Thursday, September 2, 2010

Pele's Brilliance and the Art of Description

Here's something surprising: Brian Phillips, of the great Run of Play, composed a fantastic post analyzing Pele through the prism of DFW's famous "Roger Federer as Religious Experience" article. That isn't the surprising part. Wallace's piece is ripe for analysis and extrapolation. No, the surprising thing is that, as good as Phillips' application and critique of DFW's is, it pale in comparison to this brilliant description of how Pele does work:
There are moments in Pelé’s games when he dribbles straight into a crowd of three or four defenders. He seems to have done that often, though in the videos now it’s sometimes hard to say who he’s playing against or what year it is or even what the score is or how much time is on the clock. He’ll dribble into a crowd of three or four defenders, which is suicide for a footballer, even in Brazil in the 1960s. 


It’s almost impossible to keep the fine control you need to take a decent shot when all the defender needs to do is wallop the ball away from you. Pelé dribbles into a crowd of players who have put themselves between him and the goal and whose whole purpose is to get the ball away from him, to keep him from scoring, which again is infinitely easier than the task facing the attacking player, and often in these situations, instead of trying something dazzling or virtuosic, Pelé will just stop. He’ll come to a sudden halt, with his foot lightly resting on top of the ball, and a ripple of confusion and wrong-footedness will go through the crowd of defenders as it tries to react and not fall over. Pelé will do one of those dancing shivering whole-body fakes he excelled at, dropping his shoulder, say, as if he’s about to lunge to the left, but almost simultaneously hinting right with his hips, and rolling the ball just slightly in a teasing way under his toes. Half the defenders start to guess one way and the other half start to guess the other way, but they recover, they’re professionals paying attention, and then just at the precise moment when it looks like a stalemate Pelé knocks the ball through the semi-opening created by their split-second almost-guess and tears through after it, so that one of them falls over and one of them whips around in the wrong direction, and then he’s one-on-one with the goalkeeper and it’s easy to flip the ball up into the corner of the net, in that afterthought way that characterized a lot of Pelé’s strikes. He leaps up in the air to celebrate, that famous happy hop, and the surprising thing about the way he jumps is always how much he seems to belong on the ground; there’s something physically dense about him, something that looks like it wants to sink, so that you sometimes have the impression that the game is keeping him afloat the way the ocean keeps up a battleship. So he comes down, and you laugh, because you have just seen an intelligence perform the remarkable task of solving the complete problem represented by the presence and position of the defenders and the need to control the ball without the use of hands, and you have seen a body so perfectly balanced and controlled that it could act transparently as the agent of this solution even where the solution itself required timing, strength, speed, and awareness far surpassing what most athletes possess. You have seen a thousand different soccer players face this position, and Pelé probably faced it a thousand times, but even if you were reluctant going in, the effect of the Pelé Moment is that for as long as it lasts you are prepared to swear that no one who ever got into this situation got out of it quite like Pelé.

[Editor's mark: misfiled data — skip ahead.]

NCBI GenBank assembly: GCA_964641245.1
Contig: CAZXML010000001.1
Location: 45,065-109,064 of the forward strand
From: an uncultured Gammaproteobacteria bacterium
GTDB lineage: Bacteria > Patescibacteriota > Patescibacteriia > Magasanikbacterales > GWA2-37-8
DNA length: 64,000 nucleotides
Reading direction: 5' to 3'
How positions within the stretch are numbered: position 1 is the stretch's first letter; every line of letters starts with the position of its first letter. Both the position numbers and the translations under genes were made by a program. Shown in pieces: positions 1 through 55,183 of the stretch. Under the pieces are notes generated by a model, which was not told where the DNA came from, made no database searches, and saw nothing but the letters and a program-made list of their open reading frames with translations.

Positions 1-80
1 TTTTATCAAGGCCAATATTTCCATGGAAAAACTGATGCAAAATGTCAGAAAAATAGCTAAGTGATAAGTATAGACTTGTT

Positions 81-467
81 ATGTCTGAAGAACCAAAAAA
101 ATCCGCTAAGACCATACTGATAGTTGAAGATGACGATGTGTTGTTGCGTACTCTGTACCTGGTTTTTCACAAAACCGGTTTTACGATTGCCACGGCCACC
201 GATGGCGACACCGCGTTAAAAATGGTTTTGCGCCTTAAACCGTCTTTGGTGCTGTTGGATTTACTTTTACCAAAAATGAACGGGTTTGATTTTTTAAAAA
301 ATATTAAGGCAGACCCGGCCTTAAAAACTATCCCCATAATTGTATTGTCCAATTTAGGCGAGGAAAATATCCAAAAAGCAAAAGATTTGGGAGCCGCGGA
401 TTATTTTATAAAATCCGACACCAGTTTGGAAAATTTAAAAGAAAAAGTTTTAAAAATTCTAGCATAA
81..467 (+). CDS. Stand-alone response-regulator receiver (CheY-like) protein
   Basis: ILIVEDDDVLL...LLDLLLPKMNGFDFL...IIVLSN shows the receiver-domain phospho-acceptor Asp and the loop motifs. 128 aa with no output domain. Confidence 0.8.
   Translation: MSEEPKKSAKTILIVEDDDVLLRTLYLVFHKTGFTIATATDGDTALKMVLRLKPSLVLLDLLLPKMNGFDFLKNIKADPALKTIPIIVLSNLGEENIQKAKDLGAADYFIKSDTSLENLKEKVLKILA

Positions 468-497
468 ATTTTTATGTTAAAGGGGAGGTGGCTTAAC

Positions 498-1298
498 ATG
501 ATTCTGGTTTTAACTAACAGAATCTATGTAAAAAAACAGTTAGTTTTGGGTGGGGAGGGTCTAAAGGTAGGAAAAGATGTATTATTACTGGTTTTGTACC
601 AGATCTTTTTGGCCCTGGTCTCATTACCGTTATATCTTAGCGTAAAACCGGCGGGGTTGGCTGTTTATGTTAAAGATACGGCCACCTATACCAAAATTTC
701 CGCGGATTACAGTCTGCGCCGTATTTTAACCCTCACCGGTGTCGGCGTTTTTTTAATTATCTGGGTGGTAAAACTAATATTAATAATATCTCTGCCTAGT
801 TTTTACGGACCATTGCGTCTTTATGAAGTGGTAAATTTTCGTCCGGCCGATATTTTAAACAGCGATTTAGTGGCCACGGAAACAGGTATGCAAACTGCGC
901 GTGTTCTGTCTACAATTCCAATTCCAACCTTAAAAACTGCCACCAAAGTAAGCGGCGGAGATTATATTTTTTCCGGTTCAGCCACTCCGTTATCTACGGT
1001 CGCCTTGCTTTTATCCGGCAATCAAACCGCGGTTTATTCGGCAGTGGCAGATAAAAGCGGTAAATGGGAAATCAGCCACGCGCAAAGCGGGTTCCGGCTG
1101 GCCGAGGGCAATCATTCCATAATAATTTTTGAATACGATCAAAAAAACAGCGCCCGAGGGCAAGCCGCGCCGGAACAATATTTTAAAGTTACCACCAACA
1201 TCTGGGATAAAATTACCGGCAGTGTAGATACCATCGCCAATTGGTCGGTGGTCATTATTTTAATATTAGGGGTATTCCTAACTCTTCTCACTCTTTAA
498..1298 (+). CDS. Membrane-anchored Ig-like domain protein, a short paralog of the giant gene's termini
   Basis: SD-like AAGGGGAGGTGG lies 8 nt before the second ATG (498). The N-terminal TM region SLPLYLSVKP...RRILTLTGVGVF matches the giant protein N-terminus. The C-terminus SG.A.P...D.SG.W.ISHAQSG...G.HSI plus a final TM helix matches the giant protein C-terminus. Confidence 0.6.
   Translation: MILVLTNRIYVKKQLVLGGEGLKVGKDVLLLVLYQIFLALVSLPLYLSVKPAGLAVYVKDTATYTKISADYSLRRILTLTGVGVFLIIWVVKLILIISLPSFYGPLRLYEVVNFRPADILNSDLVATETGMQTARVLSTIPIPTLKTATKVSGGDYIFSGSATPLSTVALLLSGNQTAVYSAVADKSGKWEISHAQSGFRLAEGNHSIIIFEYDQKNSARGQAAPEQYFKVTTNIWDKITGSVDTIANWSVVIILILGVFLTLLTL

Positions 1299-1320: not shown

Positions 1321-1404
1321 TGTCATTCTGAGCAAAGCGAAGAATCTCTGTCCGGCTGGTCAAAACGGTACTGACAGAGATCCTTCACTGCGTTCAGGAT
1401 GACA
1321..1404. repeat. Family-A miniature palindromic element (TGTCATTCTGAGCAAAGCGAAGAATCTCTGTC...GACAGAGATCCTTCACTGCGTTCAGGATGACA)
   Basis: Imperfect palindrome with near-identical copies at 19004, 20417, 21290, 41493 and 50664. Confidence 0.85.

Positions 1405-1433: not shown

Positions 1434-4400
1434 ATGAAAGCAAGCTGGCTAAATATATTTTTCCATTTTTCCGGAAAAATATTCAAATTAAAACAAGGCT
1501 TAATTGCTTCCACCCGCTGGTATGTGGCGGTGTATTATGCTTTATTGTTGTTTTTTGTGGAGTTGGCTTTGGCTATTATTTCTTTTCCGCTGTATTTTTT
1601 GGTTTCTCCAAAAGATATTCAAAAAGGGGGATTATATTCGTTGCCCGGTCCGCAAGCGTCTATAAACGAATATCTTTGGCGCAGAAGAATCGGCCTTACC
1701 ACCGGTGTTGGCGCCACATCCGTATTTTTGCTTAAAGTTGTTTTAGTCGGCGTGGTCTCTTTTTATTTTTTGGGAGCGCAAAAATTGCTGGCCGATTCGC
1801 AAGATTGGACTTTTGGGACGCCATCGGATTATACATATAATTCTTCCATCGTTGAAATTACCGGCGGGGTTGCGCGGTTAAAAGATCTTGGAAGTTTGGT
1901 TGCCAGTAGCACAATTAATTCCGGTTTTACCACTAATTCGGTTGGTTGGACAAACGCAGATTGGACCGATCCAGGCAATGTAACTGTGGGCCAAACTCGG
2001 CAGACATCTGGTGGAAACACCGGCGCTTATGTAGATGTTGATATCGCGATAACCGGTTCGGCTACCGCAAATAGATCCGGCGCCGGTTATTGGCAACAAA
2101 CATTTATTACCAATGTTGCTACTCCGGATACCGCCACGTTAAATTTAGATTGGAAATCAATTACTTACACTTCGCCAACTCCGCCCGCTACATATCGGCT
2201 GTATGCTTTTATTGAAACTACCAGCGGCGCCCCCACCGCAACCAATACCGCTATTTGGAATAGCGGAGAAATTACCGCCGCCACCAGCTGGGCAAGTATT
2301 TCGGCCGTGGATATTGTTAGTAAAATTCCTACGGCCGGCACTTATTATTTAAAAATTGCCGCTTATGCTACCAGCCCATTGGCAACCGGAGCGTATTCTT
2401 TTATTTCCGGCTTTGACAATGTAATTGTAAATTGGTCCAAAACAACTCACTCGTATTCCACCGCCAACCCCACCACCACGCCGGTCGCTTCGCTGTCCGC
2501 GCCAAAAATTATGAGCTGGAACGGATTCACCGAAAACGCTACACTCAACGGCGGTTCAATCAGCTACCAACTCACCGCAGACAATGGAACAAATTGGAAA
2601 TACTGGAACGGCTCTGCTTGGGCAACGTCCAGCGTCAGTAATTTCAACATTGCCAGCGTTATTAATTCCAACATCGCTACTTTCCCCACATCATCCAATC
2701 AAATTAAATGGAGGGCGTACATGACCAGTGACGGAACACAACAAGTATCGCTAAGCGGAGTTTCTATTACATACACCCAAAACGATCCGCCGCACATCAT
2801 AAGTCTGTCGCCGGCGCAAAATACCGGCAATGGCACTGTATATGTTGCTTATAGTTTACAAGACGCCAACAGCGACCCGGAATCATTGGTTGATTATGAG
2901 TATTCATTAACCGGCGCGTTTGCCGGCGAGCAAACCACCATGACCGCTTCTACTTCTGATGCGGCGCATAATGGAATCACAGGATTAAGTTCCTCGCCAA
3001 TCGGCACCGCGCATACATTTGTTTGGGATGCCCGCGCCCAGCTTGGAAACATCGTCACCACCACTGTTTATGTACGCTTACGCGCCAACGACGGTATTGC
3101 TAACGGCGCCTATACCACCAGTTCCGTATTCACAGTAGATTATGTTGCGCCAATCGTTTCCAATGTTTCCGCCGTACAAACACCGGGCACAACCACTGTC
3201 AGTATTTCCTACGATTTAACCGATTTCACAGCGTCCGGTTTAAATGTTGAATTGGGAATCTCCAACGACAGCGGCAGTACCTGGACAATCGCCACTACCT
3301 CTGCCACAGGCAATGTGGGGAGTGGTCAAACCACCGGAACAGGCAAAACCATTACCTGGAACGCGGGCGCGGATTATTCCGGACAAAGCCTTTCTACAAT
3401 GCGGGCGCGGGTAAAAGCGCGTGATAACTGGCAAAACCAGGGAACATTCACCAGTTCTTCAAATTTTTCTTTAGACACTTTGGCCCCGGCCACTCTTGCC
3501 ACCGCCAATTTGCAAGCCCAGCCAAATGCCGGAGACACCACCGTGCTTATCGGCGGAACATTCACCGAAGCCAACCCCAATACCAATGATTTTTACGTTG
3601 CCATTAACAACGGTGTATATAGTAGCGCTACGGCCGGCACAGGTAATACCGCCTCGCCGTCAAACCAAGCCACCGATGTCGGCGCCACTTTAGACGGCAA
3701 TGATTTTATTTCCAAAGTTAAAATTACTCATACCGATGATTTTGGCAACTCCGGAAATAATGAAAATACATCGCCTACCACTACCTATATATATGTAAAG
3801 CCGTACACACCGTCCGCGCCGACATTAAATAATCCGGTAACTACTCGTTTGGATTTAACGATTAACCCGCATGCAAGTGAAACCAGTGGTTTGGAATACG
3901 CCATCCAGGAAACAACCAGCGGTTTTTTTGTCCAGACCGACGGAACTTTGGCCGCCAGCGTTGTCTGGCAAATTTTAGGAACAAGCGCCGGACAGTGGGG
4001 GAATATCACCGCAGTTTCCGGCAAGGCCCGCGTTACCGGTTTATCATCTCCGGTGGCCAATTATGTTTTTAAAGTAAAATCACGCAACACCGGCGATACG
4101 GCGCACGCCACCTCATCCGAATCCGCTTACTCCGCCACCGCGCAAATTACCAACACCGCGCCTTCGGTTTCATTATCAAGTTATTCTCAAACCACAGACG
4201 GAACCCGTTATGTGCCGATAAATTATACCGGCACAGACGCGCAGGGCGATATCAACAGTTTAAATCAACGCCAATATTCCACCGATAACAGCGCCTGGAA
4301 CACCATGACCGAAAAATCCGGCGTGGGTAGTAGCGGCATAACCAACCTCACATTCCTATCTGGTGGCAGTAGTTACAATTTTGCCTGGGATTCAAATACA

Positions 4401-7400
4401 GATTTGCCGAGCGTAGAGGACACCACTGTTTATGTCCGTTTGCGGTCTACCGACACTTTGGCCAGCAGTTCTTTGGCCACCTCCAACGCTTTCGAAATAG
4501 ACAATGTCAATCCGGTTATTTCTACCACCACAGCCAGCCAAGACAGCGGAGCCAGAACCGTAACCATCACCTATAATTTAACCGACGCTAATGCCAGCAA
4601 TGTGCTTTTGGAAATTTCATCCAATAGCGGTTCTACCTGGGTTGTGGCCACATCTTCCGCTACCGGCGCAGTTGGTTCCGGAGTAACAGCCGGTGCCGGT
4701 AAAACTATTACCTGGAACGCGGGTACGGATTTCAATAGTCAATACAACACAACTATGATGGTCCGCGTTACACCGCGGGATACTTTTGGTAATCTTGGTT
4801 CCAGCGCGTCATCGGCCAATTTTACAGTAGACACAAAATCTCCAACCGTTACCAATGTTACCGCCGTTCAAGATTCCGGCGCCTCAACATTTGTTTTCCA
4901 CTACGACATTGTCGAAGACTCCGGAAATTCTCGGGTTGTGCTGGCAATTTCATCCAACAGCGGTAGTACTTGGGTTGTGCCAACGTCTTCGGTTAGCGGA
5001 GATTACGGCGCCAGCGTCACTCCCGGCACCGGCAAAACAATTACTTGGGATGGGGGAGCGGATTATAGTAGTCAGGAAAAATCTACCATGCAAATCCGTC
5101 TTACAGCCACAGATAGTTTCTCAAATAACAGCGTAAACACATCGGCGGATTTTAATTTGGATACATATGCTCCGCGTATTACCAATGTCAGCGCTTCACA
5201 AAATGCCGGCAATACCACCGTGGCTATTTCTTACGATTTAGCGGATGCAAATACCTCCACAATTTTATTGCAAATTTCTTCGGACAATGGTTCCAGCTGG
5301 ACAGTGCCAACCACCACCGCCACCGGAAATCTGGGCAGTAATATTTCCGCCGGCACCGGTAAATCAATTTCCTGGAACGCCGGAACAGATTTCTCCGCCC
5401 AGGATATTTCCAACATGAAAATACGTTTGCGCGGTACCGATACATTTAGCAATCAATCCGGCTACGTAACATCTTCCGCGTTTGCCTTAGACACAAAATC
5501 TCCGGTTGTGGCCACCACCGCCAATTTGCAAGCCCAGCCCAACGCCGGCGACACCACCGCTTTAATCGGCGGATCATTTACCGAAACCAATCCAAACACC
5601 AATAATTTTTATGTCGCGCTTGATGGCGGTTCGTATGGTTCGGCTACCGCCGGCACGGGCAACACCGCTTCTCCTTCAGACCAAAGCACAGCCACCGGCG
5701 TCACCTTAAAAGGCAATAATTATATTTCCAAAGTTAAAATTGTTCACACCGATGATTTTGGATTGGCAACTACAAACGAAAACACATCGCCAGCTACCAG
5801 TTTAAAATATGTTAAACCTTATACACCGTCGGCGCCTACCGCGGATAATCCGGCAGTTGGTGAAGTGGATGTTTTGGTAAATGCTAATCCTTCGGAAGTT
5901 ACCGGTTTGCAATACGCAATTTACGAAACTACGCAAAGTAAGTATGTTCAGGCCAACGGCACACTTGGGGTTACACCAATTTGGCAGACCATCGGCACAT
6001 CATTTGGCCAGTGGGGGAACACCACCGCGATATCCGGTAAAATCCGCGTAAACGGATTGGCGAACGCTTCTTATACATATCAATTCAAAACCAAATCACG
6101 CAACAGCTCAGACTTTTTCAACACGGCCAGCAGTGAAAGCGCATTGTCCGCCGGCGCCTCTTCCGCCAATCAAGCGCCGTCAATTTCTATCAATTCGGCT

It's a long quote, but I love how Phillips here gives context and meaning to the variety of Pele's actions, a variety that represents one particular skill-set and form of physical genius. Phillips' video compilation illustrates his points:

I think I'm finally starting to understand what makes Pele Pele.

No comments: